Every two years, in mid-September, the small town of Bra, in Northern Italy, trades its habitual tranquility for a festive and tasteful invasion, when for a few days its alleys and squares are filled with people, stalls, and the irresistible smell of cheese thanks to Slow Food’s Cheese, Bra.
With its thirty thousand inhabitants and its Baroque churches, the town located in the praised Roero wine area in Piedmont, approximately halfway (and a scarce one-hour drive in both cases) between Turin and Cuneo, Bra is mostly famous for the delicious veal sausage – born out of Jewish tradition and usually eaten raw – and for being the birthplace of Carlo Petrini and his creation, the Slow Food international organization, whose global headquarters are still located here (while the main campus of the world’s first University of Gastronomic Sciences is in the nearby parish of Pollenzo). And, the town is also home to the biennial festival devoted to cheese, organized by Slow Food, alternating with the Terra Madre Salone del Gusto held in Turin.
First held in 1997, the event now in its fourteenth edition is dedicated to raw milk, natural cheeses, and artisanal dairy products, bringing together herders, cheesemakers, and representatives of the Italian and international cheese Presidia (groups of producers committed to preserving and passing on traditional production techniques and crafts, often risking extinction and oblivion), as well as cheese enthusiasts and craft brewers, cooks and street kitchens and food trucks from all over Italy.
What to Expect in 2023
Focused on artisanal production and biodiversity, according to the Slow Food movement’s principles, the 2023 edition’s theme – scheduled for September 15-18 – is The Taste of the Meadows, focusing on the endangered future of this precious habitat and emphasizing the importance of raw milk from pasture-raised animals for sustainable food systems. “Food production, and dairy production specifically, face daily environmental challenges, such as the climate crisis causing a steady loss of biodiversity in soil and breeds, as well as social and economic challenges like the depopulation of rural and mountainous areas, insufficient support for pastoralists, and difficulties in generational turnover. That’s where Slow Food believes agroecology comes in as the solution to address these issues,” comments Francesco Sottile, Slow Food Board member.
Producers and Affineurs
Welcoming exhibitors from 14 countries – including the affineur Jasper Hill Farm (read more about Jasper Hill) from the United States, the Slow Food Presidium of Raw Milk Stichelton (read more about Stichelton and other great holiday cheeses ) from the United Kingdom, and a few aficionados like Poncelet Cheese Bar from Spain, Mons Fromager et Affineurs from France, and the Dutch Slow Food Presidium of Aged Artisanal Gouda .
Herders and Breeds
Cheese 2023 will also showcase herders and local breeds which, developing a biological connection with their regions, create optimal conditions for obtaining nourishing and aromatic milk and cheese. According to the FAO, there are currently 7745 local breeds, with 26% of them at risk of extinction and a much higher percentage that is only scarcely known: in Europe, half of the breeds that existed at the beginning of the 20th century have already vanished. Hence, the invaluable role of herders who endure producing exceptional cheeses while safeguarding their lands, maintaining mountain pastures, and contributing to biodiversity: coming to Bra from all over the world – Ukraine, Turkey, Romania, Norway, Austria, United States, and more, besides Italy – their stories and products will be narrated and sampled at the Biodiversity House (which, in a beautiful courtyard, will host conferences, film screenings and aperitifs on the grass where cheese will meet gelato, natural cured meats, honey and herbal liqueurs) and at the Market, while Taste Workshops and Dinner Dates will be focused on their work.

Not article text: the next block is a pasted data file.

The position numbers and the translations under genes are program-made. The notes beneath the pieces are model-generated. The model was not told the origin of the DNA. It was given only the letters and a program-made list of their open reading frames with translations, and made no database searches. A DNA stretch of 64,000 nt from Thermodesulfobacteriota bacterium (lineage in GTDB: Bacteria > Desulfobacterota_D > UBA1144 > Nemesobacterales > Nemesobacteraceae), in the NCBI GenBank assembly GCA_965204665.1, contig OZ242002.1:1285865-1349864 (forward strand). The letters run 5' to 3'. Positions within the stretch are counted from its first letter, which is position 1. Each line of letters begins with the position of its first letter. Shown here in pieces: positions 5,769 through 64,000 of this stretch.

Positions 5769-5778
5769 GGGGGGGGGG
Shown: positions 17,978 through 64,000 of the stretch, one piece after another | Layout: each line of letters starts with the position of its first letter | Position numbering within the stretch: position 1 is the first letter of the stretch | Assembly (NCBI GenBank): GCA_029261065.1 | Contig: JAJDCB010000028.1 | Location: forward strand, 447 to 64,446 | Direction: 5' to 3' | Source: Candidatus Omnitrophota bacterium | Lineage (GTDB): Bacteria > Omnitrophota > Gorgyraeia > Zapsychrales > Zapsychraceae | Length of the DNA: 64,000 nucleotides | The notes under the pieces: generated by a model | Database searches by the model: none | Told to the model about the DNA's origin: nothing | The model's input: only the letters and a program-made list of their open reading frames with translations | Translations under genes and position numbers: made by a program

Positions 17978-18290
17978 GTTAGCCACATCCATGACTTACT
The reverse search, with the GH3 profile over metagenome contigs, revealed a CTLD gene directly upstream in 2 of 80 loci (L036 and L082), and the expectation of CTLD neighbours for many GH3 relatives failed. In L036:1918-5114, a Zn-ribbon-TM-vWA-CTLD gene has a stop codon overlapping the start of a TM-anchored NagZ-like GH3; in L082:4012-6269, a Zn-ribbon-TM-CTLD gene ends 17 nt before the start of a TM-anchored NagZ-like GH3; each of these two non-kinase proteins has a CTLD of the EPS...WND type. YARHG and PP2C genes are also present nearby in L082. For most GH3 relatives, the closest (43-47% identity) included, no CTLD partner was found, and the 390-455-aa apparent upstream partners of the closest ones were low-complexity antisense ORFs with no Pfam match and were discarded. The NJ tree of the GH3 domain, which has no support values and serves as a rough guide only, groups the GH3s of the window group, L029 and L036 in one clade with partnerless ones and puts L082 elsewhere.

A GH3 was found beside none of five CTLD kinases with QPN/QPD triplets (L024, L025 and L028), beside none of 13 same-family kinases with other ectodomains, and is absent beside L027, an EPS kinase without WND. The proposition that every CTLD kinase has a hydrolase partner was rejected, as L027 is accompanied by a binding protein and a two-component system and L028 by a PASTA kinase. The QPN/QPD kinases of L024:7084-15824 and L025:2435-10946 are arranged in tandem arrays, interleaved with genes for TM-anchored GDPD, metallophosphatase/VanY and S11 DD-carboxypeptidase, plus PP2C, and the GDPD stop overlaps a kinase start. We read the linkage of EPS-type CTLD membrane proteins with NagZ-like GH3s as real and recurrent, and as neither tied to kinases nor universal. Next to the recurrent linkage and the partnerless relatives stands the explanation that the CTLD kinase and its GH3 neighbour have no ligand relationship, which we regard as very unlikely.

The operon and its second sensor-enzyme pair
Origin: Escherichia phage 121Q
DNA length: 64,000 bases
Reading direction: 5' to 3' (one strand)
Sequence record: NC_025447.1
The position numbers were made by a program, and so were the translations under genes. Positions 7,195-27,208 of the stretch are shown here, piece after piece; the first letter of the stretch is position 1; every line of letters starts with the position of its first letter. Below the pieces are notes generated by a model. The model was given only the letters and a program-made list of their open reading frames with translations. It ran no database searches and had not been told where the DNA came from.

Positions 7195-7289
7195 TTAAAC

Events and Tastings
As usual, the program is packed with interesting (free and ticketed) events and chances to taste extraordinary cheese, ranging from the intense Jamar (aged in caves amongst the Italian and Slovenian borders) to the rare Toumin dal mel, made with fresh cow milk by the women of Val Varaita at the foot of the Cervino mountain between Italy and Italy and Switzerland; from the fierce sheep cheeses born in Abruzzo and other Central Italy regions to the wide range of dairy products from Sicily and Sardinia; continuing with the Alpine cheeses of Macedonia, the Sbrinz from the Swiss mountain pastures, the desert goat cheeses from the Negev, the Turkish halva tradition and much more.
And, since no man lives by cheese alone, there will be many pairing events, matching great cheeses – such as Parmigiano Reggiano or Comté – to wine, craft beer, or even grappa and coffee (and cigars). Cheese will be of course also a main protagonist of breakfasts, dinners, and cooking lessons involving Michelin-starred chefs and rural cooks. There will even be – as for every edition – a dedicated “pizza square” where the best Italian pizza ladies will take out of the oven delicious pies and bracing stories, while Italian regional street food and craft beer will be showcased along the streets, courtyards and piazzas of Bra.
Feeling overwhelmed by all the possibilities? A good way to orient oneself amid the huge offer of taste and in-depth knowledge study is to book a personal shopper tour, available in Italian and English: an immersive journey through Bra and its alleys, stalls and culinary delights, starting from the University of Gastronomic Sciences stand located in Spreitenbach square, guided by UNISG students sharing stories and details about places, products and producers.
This article originally appeared on Cheese Professor and was syndicated by MediaFeed.
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